You should always consider your danger zones when deciding on pallet rack protection. For instance, the racks that are closest to the loading dock are more likely to get hit simply because of their location in the warehouse. Racks that are in tight aisles should be protected more than those that are in wide, often-traveled aisles. It all just depends on your warehouse, the racking itself, and your needs.

Will rack protection prevent all damage? No, but it will stop small problems from becoming bigger ones. Just as a fender-bender is different from a head-on crash when driving a car, small damage to rack protection is certainly preferable to hitting the rack itself. Click here to learn more about the rack protection that DAK Equipment and Engineering sells and installs.

Enforce the Speed Limit

Much like most cars can reach speeds of 100 miles per hour even though there are speed limits, forklifts can also go faster than they should in a warehouse. This can be useful when driving across the parking lot from one warehouse to another, but when in the warehouse they should be restricted to a specific speed that’s determined by your warehouse layout and the number of pedestrians that are present. If you see an operator driving too fast in a warehouse, shut that down immediately so that they’re less likely to run into your pallet racks.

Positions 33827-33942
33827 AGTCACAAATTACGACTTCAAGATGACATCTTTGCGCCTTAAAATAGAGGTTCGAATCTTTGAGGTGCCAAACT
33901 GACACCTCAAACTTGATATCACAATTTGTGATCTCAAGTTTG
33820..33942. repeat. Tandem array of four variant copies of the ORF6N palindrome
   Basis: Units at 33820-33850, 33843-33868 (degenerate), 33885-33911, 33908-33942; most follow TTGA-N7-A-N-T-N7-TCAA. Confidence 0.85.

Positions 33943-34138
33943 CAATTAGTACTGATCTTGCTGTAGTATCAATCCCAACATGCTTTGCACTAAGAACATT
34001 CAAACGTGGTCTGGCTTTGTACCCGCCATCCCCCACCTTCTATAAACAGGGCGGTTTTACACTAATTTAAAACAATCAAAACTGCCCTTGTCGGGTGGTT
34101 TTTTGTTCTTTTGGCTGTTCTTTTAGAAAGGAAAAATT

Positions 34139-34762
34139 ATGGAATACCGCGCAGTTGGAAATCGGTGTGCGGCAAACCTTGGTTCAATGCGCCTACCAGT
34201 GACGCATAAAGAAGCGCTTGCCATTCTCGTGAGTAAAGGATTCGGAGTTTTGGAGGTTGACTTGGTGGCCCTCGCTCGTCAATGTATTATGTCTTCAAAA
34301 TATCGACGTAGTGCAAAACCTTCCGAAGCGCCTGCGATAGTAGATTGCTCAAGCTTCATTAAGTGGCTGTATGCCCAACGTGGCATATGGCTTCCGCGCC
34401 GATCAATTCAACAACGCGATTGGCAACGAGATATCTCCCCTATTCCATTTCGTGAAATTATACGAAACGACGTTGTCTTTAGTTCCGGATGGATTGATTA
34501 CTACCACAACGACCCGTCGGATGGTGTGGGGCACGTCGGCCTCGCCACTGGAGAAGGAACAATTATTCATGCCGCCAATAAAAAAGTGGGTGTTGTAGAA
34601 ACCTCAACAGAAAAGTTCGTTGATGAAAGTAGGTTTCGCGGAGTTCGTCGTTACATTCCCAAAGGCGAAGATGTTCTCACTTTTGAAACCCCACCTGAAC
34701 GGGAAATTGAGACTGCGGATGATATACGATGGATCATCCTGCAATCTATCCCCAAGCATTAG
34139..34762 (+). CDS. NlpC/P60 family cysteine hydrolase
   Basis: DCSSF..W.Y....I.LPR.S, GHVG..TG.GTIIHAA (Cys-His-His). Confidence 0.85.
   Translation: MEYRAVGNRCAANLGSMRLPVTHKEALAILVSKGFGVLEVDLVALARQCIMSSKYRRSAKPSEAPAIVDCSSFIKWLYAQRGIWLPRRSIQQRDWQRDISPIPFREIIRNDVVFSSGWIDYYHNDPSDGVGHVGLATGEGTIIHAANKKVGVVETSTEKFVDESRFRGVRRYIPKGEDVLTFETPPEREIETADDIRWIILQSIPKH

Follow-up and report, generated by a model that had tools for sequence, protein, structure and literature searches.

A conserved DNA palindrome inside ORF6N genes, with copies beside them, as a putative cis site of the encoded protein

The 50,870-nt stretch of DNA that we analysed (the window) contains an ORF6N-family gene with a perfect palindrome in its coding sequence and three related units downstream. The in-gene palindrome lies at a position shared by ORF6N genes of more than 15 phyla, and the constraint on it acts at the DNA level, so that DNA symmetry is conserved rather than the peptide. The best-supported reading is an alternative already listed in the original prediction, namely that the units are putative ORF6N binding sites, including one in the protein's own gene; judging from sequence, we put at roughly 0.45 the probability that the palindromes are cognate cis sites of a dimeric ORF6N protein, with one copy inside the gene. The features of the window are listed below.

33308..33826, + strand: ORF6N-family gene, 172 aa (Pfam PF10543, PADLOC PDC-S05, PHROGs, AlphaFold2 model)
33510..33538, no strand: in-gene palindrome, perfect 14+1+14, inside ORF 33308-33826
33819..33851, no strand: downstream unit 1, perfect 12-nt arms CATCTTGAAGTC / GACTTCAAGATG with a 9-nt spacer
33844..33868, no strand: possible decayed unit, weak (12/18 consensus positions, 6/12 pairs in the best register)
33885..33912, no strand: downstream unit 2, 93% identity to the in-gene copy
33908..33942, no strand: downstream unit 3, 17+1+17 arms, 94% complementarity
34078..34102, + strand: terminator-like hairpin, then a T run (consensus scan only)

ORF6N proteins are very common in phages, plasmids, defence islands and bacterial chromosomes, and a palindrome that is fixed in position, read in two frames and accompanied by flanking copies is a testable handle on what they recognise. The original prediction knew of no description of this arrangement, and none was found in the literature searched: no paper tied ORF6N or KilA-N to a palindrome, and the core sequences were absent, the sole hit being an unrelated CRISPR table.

Build In Aisle Space During Warehouse Design

Warehouse layout design is a big deal. For someone who’s involved with the process of designing warehouse space every day like we are, the primary goal of a warehouse could seem to be “get as much shelving in there as possible.” This thought process is only partially right, because it should be “get as much shelving in there as possible while still allowing adequate, safe passage for forklifts.”